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Integr Biol (Camb). 2015 Jul;7(7):801-14. doi: 10.1039/c5ib00108k.

A vascular injury model using focal heat-induced activation of endothelial cells.

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Department of Chemical and Biological Engineering, Colorado School of Mines, 1500 Illinois Street, Golden, CO 80401, USA.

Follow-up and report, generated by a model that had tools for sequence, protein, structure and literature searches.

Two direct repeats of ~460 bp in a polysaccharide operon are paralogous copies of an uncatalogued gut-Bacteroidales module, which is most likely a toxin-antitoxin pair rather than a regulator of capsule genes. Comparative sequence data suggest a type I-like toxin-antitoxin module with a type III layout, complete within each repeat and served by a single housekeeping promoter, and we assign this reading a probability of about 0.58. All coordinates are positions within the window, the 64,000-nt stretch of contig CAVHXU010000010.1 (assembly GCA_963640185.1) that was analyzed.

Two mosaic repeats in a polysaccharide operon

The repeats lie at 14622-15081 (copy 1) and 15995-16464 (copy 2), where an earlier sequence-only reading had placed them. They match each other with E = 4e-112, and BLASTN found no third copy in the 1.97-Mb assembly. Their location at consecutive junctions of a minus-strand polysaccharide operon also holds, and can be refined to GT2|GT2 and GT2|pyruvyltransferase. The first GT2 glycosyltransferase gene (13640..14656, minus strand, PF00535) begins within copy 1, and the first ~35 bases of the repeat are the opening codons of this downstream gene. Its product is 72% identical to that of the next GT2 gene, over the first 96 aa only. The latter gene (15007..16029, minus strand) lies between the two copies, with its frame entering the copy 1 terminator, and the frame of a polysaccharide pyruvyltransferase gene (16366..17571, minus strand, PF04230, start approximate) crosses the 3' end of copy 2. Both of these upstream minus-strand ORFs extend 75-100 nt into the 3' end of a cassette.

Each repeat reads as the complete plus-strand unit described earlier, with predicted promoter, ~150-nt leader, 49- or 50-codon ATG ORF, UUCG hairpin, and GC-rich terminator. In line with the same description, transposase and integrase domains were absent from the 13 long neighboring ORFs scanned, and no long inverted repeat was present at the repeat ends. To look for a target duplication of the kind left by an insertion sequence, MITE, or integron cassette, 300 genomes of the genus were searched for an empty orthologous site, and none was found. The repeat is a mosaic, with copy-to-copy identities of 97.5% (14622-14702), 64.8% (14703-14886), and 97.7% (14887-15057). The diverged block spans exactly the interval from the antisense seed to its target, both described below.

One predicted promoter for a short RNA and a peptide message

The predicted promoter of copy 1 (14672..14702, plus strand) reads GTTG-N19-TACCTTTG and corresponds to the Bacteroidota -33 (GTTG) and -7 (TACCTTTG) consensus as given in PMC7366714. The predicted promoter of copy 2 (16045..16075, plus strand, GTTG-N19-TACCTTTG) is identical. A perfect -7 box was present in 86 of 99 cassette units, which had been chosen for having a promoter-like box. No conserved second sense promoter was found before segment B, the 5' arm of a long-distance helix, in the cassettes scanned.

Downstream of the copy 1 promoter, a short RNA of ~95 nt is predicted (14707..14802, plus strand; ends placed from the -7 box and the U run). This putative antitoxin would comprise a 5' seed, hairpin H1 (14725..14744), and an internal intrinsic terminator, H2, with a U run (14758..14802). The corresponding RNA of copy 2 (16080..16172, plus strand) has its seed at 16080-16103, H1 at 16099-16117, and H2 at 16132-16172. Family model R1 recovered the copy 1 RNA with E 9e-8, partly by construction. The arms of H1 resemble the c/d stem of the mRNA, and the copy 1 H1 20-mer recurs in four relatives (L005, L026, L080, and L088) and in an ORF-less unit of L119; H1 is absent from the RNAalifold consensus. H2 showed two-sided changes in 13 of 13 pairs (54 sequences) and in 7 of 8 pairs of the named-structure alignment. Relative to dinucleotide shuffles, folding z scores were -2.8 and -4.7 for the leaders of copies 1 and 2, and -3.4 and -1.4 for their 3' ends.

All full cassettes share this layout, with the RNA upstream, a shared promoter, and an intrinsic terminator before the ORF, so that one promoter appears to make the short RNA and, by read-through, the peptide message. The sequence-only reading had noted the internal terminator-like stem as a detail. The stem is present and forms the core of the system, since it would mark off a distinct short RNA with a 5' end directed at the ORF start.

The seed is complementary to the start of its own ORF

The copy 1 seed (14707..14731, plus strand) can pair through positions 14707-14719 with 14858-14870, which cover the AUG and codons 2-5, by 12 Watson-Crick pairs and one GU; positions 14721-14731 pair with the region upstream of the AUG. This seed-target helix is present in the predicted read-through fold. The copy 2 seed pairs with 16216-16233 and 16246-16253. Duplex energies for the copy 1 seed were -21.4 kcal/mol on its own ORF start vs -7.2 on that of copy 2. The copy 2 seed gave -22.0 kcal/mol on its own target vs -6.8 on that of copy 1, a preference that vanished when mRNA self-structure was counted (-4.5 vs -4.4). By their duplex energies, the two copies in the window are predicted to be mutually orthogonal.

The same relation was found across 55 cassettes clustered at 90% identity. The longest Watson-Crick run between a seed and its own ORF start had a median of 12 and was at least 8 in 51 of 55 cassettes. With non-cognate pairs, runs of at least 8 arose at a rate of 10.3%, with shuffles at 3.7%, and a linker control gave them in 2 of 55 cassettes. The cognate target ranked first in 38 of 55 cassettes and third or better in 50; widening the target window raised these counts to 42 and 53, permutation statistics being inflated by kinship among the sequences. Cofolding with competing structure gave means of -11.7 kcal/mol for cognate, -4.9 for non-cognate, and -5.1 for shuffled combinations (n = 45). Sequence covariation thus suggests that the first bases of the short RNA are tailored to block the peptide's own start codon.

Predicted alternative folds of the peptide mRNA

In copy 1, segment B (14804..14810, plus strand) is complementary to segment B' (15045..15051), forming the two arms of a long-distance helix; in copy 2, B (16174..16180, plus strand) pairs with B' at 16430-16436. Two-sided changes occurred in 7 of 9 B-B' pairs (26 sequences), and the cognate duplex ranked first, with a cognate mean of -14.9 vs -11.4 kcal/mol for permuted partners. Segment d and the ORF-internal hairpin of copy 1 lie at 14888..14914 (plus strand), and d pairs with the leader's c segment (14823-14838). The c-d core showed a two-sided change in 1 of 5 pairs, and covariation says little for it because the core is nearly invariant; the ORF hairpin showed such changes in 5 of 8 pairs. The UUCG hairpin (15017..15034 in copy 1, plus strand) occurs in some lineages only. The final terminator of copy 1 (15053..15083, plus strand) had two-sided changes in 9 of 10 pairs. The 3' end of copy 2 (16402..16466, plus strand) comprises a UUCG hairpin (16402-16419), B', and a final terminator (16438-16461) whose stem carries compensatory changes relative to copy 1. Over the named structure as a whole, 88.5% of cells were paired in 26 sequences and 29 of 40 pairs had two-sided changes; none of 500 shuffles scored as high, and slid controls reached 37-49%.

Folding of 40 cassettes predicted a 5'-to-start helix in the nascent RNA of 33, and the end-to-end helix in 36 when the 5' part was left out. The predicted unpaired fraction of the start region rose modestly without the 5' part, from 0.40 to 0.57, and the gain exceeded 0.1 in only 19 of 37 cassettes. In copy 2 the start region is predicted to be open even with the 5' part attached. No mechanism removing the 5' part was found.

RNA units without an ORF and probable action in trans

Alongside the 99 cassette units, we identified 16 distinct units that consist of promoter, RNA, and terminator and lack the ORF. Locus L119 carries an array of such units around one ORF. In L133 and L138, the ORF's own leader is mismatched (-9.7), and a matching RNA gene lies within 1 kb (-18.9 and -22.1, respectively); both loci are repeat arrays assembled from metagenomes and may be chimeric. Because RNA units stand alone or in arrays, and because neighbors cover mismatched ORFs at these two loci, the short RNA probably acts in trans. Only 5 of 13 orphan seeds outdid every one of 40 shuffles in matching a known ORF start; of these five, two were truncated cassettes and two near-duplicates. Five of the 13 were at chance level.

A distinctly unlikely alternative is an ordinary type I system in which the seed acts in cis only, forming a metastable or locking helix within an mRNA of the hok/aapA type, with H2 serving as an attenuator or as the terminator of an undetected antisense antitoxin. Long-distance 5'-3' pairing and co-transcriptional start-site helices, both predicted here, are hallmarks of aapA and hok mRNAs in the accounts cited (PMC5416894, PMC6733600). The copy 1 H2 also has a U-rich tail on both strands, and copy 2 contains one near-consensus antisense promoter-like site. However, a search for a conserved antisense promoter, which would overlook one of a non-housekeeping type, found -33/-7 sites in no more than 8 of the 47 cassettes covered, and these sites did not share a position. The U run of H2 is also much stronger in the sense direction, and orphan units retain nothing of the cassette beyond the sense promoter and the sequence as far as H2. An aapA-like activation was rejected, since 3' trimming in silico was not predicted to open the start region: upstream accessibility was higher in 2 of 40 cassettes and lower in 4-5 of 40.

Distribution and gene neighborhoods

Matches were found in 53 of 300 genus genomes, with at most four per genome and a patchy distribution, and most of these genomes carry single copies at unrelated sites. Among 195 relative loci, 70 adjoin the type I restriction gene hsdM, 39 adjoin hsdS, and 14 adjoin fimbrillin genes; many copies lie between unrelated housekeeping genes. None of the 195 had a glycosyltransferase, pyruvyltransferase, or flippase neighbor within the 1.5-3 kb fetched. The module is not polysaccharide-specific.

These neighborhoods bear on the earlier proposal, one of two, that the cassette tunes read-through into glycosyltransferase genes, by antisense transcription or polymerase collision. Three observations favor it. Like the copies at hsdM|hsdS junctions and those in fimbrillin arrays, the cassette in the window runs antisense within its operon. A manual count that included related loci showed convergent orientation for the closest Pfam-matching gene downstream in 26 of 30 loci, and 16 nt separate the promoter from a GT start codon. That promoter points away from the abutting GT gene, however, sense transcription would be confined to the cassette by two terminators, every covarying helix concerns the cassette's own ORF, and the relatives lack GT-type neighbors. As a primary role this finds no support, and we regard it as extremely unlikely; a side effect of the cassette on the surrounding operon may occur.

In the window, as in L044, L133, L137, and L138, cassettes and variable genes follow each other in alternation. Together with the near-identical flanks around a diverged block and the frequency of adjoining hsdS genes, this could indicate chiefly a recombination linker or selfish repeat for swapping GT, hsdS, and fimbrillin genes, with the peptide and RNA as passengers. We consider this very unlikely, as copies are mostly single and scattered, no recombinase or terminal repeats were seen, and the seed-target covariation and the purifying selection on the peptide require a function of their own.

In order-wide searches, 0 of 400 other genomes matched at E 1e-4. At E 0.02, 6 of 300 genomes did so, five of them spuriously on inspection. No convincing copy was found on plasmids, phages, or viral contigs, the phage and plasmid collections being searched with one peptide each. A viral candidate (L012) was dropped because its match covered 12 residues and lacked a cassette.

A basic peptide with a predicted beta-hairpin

Endothelial cells (EC) both inhibit and promote platelet function depending on their activation state. Quiescent EC inhibit platelet activation by constitutive secretion of platelet inhibitors. Activated EC promote platelet adhesion by secretion of von Willebrand factor (vWF). EC also secrete an extracellular matrix that support platelet adhesion when exposed following vascular injury. Previous studies of EC-platelet interactions under flow activate entire monolayers of cells by chemical activation. In this study, EC cultured in microfluidic channels were focally activated by heat from an underlying microelectrode. Based on finite element modeling, microelectrodes induced peak temperature increases of 10-40 °C above 37 °C after applying 5-9 V for 30 s resulting in three zones: (1) a quiescent zone corresponded to peak temperatures of less than 15 °C characterized by no EC activation or platelet accumulation. (2) An activation zone corresponding to an increase of 16-22 °C yielded EC that were viable, secreted elevated levels of vWF, and were P-selectin positive. Platelets accumulated in the retracted spaces between EC in the activation zone at a wall shear rate of 150 and 1500 s(-1). Experiments with blocking antibodies show that platelets adhere via GPIbα-vWF and α6β1-laminin interactions. (3) A kill zone corresponded to peak temperatures of greater than 23 °C where EC were not viable and did not support platelet adhesion. These data define heating conditions for the activation of EC, causing the secretion of vWF and the exposure of a subendothelial matrix that support platelet adhesion and aggregation. This model provides for spatially defined zones of EC activation that could be a useful tool for measuring the relative roles of anti- and prothrombotic roles of EC at the site of vascular injury.

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